Column: Bangers and Mash: Brits and German Saunas: The Naked Truth

Column: Bangers and Mash : Brits and German Saunas: The Naked Truth

In this column, the author looks at life in Germany, as a Brit who is living in Bonn for years. In this edition, he admits that undressing fully in front of strangers isn’t exactly in his genes and that going to a sauna in Germany requires a certain get-used-to…

With the winter nights coming in, thoughts turn to friends and family visiting from England for the upcoming festive period. An early Christmas market in Bonn, and perhaps a visit to the Medieval version in Siegburg get a big fat tick and a high five.

German restaurants with Wurst, Kartoffelpuffer and beer will also normally generate murmurs of approval. For the culturally inclined guests, a short railway trip from Bonn to the UNESCO-listed castles in Brühl and its Max-Ernst-Museum, get another big tick too.

But there is one activity that gets a big X — in other words a big fat no — with wild horses incapable of dragging British friends anywhere near: And that would be a trip to a key icon of German culture, the winter sauna.

Why? The Brits simply do not share the love of nudity unless it is part of a naughty, sea-side post card or a smutty, late night movie.

Most are downright embarrassed if not afraid at the very thought of being seen starkers in public and, according to surveys, even in the privacy of their own homes.

For many the mutual removal of clothing is considered a pre-requisite to sex rather than a pre-condition for leisurely hours in a dry or steam bath.

In fact, such is the fear of many Brits about being seen naked in the first place — even by their wife or closest partner — most would probably prefer intimacy and intercourse during the pitch blackness of a solar eclipse or a power cut.

I have tried all the straight-forward arguments to tempt my fellow countrymen and women to a local sauna.

Like, “Look it is not about sex, you will not be an extra in a low-budget porn movie” or “Germans don’t stare, they are not interested in your wiggly bits” or “It is about health and relaxation” or “We were born naked, it is the most natural thing” and finally, with steam now percolating from my ears “nobody cares if you don’t look like Gisele Bündchen or Martin Bergmann!”.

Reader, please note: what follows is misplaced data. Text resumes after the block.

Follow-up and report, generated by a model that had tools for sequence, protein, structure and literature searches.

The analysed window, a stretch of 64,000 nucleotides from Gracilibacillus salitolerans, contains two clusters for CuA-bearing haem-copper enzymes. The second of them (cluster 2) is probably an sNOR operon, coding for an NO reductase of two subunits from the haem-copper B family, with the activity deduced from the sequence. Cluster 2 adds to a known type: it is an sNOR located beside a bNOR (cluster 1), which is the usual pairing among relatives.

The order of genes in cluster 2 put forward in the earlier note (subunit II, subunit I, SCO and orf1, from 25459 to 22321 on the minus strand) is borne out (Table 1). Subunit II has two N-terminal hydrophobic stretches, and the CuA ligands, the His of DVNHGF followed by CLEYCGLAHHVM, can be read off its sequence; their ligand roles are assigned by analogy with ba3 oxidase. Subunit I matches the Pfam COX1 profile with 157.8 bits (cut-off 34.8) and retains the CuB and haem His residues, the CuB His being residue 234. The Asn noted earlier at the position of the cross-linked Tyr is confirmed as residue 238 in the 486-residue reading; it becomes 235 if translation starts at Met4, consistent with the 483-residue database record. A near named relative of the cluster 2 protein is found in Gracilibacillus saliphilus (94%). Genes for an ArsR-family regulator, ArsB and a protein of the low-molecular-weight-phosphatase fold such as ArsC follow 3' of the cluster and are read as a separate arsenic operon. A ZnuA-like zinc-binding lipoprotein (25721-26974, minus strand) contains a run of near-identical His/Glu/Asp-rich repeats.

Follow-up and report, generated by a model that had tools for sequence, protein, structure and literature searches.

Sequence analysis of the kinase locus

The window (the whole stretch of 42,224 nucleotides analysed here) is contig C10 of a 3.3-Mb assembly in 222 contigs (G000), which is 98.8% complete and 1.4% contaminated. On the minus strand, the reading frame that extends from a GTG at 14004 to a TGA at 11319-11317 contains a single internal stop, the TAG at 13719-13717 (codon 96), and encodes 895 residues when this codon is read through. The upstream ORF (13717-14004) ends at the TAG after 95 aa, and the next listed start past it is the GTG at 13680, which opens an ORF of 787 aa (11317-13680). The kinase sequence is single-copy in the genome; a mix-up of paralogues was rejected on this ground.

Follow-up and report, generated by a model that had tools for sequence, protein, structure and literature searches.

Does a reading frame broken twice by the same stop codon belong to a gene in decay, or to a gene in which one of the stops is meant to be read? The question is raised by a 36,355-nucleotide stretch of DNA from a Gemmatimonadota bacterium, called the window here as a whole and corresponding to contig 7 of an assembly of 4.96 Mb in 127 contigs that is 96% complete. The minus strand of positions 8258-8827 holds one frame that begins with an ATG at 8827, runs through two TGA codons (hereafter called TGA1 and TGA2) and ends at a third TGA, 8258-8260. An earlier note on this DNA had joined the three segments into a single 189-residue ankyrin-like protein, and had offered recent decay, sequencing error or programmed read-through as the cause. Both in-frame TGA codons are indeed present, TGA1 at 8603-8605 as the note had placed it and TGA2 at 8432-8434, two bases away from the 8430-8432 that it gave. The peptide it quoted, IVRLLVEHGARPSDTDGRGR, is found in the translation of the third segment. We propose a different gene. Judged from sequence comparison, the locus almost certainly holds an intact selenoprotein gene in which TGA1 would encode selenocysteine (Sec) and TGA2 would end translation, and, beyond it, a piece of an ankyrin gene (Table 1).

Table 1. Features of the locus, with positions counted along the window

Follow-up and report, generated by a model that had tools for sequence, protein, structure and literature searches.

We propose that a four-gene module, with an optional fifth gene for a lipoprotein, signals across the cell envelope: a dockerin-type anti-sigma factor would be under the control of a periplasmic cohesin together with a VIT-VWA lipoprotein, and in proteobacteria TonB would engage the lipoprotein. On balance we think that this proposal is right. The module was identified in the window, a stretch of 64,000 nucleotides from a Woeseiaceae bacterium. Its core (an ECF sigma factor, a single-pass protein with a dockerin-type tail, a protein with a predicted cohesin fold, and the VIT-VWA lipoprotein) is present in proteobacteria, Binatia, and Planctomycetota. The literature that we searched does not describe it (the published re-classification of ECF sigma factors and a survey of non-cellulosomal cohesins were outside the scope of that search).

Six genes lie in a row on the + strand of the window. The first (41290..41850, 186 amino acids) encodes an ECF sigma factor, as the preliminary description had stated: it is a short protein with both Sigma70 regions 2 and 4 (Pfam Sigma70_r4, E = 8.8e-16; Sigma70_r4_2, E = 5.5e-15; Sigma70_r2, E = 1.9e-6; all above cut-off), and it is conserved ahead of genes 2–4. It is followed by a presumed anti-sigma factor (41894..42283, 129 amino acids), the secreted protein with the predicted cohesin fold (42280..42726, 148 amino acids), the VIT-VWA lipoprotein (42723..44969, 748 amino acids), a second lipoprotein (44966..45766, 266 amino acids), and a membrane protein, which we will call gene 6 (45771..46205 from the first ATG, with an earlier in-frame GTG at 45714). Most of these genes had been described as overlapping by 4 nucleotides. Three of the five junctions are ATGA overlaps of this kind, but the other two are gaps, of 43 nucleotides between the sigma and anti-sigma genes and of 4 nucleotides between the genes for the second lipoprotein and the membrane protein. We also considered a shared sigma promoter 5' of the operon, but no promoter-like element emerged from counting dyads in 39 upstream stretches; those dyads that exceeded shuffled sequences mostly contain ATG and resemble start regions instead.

But none of this passes the mustard: There is either outrage that one is persisting to push this crazy plan, nervous giggling or worried looks that I have somehow lost all morality since living in Germany.

Why the British are so body-obsessed and nudity-averse probably requires a longer article and some deeper psychological analysis.

But perhaps the society that gave birth to the Swinging Sixties and the Cool Britannia of the 1990s is far more inhibited than it wishes to admit.

According to an official UK Government survey from four years ago, nearly 60 per cent of Brits are totally not at ease being naked or don’t even want to talk about it-- women even more so.

  • Just under a quarter say they would never walk around naked at home even if no one else was in.
  • Three quarters of British people say they have never gone skinny-dipping, in other words they have never swum naked.

The more than 100-year-old German tradition of nudism and naturism — known as the Free Body Culture (Freikörperkultur) — also has strong social and political roots.

These embrace notions of equality, freeing people from shame and escape from the unhealthy living environments in the crowded cities of early industrialization. In the former East Germany there is some suggestion it provided an anti-dote to a more authoritarian regime.

I recently read nudity at beaches, in parks and other public places in Germany is under attack and less tolerated than before perhaps linked with reunification and the influx of people from places like Britain with far more prudish views.

Soon the German sauna may be the last hold out of this very special cultural tradition — one that in many ways offers a direct and perhaps healthy challenge to the sexualization and stereotyping of the human body shape so prevalent in contemporary advertising, magazines and mainstream film.

I have to admit that it took me a while to overcome my upbringing and can thank my old friend Stefan for guiding me through the etiquette and discovering the deeper delights of the German sauna culture.

On my first visit to one — in this case in Frankfurt one winter’s night nearly ten years ago — Stefan asked me which sauna room I wanted to try.

I pointed to one on the left declaring enthusiastically “Because there are more hot chicks there!”. I was swiftly rebuked and told a visit to the sauna was nothing to do with the abundance of chicks hot or cold.

I also eventually learned not to shyly dangle my towel over my nether regions; to not turn my back nervously in the locker room; to stop chatting like a rabbit during the Aufguss and appreciate the silence, the calming swish of the towel and blast of hot air.

It may take me longer to understand why some people find it enjoyable to sit suffering like an Arctic fox for ten minutes in an ice room; splash heartily through a freezing-cold stream or gaily slap ice cubes over each other’s naked skin as the winter sun sets over the Scandinavian-style huts.

But today I have learned to enjoy the simple freedom of being nude in a room with others, feeling relaxed for the first time in my unclothed body and without worrying if it matches up to the person sweating beside me or the cover model on this week’s GQ magazine.